This symposium is sponsored by the Year of Diversity, the Humanities Center, the Faculty Research Scholarship Program, the Dept. of Africana Studies, the African Studies Program, the Dept. of  Religious Studies, the Center for Latin American Studies, the Global Studies Center, the World History Center, the Gender, Sexuality, and Women’s Studies Program, the Dept. of History, the Cultural Studies Program, and the Dept. of Theatre Arts.


Upcoming Humanities Center Events

The Film Market in Russia and the CIS: Statistics, Analytics, Politics


A Workshop by Kseniia Leont'eva

Associate Professor, Saint-Petersburg State Institute of Cinema and Television


Senior Analyst, Nevafilm Research


Editor-in-chief, Cinemascope



Saturday, April 29, 2017 

10:00 AM - 2:00 PM 

407 Cathedral of Learning 



Sponsored by: The Center for Russian and East European Studies, The Humanities Center, The Department of Slavic Languages and Literatures, The Film Studies Program, and The Graduate Program for Cultural Studies. 

Spring Faculty Seminar with Humanities Center Visiting Fellow: John Durham Peters


John Durham Peters (Yale University) 


"Atmospheres and Inscriptions"


May 1 - 5, 2017
11:00 AM - 1:00 PM each day

Humanities Center, 602 Cathedral of Learning



If you are interested in participating in this seminar, please RSVP to the Humanities Center to confirm.  Although all are welcome, these seminars have filled in the past, so an early confirmation is recommended to help guarantee your space in the seminar.



This year’s visiting fellow and seminar leader, John Durham Peters, Professor of Film and Media Studies at Yale University, is an intellectual historian and philosopher of media and communication. Professor Peters has published books and essays on such varied topics as the history of communication research, the philosophy of technology, pragmatism, the public sphere, and media and religion.  His first book, Speaking into the Air: A History of the Idea of Communication was published by the University of Chicago Press in 1999.  The winner of the James A. Winans-Herbert A. Wichelns Memorial Award for Distinguished Scholarship in Rhetoric and Public Address from the National Communication Association, Speaking into the Air has been translated into eight different languages and earned Professor Peters wide recognition as an intellectual and cultural historian.  His second book, Courting the Abyss: Free Speech and the Liberal Tradition, was published by University of Chicago Press in 2005.  His most recent book, The Marvelous Clouds: Toward a Philosophy of Elemental Media, which explores a range of media infrastructures—from television transmitters to the sun—was published by the University of Chicago Press in 2015.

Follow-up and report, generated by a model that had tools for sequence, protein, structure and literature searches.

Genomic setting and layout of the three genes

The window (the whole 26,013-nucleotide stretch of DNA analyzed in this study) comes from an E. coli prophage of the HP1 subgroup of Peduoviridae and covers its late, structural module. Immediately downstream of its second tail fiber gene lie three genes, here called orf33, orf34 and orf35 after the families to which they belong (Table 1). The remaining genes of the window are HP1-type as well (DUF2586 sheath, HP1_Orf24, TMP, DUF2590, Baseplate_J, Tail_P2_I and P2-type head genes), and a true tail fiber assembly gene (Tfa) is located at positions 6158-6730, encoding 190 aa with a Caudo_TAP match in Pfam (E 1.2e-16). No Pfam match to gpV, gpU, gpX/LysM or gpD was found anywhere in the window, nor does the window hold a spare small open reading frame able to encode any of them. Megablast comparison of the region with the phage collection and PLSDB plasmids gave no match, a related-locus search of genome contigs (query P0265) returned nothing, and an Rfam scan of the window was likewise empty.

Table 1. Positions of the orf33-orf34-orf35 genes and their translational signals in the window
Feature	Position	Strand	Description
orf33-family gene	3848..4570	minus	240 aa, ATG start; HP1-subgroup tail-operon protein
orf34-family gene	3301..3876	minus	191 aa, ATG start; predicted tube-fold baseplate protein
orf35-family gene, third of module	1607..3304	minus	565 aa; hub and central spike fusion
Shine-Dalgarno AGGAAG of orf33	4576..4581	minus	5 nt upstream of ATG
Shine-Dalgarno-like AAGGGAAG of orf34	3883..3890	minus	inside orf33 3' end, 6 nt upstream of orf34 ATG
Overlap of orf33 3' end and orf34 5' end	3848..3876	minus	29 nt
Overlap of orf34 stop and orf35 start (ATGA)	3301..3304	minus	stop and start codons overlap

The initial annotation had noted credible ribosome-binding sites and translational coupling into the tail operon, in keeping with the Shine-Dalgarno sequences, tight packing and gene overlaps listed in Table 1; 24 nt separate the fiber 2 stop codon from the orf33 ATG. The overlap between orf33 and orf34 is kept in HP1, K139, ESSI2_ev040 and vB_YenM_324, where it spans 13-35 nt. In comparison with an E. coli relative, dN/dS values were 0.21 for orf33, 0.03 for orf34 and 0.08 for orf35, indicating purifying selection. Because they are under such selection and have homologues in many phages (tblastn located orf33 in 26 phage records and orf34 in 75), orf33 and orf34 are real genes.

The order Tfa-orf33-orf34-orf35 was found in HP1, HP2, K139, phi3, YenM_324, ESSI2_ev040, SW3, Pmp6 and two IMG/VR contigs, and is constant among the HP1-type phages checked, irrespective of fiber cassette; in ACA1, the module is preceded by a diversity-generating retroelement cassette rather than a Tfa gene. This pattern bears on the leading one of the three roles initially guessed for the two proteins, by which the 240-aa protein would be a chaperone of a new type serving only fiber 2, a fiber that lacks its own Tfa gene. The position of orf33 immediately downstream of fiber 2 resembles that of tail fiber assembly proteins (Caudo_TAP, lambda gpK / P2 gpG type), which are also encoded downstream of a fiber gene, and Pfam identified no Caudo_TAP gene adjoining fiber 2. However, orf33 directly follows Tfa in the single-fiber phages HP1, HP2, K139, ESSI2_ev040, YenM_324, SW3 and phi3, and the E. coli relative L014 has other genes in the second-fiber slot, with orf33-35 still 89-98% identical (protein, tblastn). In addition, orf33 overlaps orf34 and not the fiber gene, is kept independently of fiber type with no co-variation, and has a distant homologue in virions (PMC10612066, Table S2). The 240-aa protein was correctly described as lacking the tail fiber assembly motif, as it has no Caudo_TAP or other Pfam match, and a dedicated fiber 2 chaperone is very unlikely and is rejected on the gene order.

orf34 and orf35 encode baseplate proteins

Email Humanities Center Associate Director, Brent Malin at bmalin@pitt.edu with any questions. 


John Durham Peters Lecture: “Projection and Protection: On the Deep Optical and Ballistical Intersections of Screens”


John Durham Peters (Yale University)



Tuesday, May 2, 2017 

5:00 - 7:00 PM 

501 Cathedral of Learning 



The ubiquity of screens today invites us to recast the ways we think about the history of media.  In particular, the dual optical and environmental aspects of the screen concept since the early nineteenth century invite reflection on a longer genealogy of media practices that both project and protect, that both show and shield.  In this paper, I outline a lineage of the screen concept that emphasizes the intertwined history of optics and ballistics.  I do this first via a sketch of historical convergences between cultural practices of targeting and visualizing in western history and second via a more focused look at postwar practices that combine detonation and image-making in photography, film, and television, especially around the atomic bomb.



This public lecture by John Durham Peters is part of the Humanities Center Spring Faculty Seminar "Atmospheres and Inscriptions". 







Do you have an event that you'd like featured?



Email the Humanities Center by Friday at 12:00 PM for your chance for the event to appear in next week's edition!

CARNEGIE NEXUS EVENT: Barkskins: An evening with Annie Proulx


In partnership with Pittsburgh Arts & Lectures. 



Thursday, April 20, 2017 

7:00 PM 

Carnegie Music Hall 



For the closing event of Strange Times: Earth in the Age of the Human, join us for a night with National Book Award- and Pulitzer Prize-winning author of The Shipping News and Brokeback Mountain, Annie Proulx. In conversation with Carnegie Museums President Jo Ellen Parker, Proulx will share the historic and moving landscapes of her new epic masterwork, Barkskins, about the taking down of the world’s forests. “For the past decade, artists have been responding to what they see in a human-damaged world of the Anthropocene,” Proulx notes, “and part of my intention with Barkskins was to make a literary comment in the same vein.”


“Annie Proulx is on the side of the angels. We need more writers like her to hammer home the message that we had better stop mistreating one another and our planet.” -THE NEW YORK TIMES



Purchase Tickets Today!
Carnegie Museums Members receive $5 off with promo code STRANGETIMES, 6 tickets per-person limit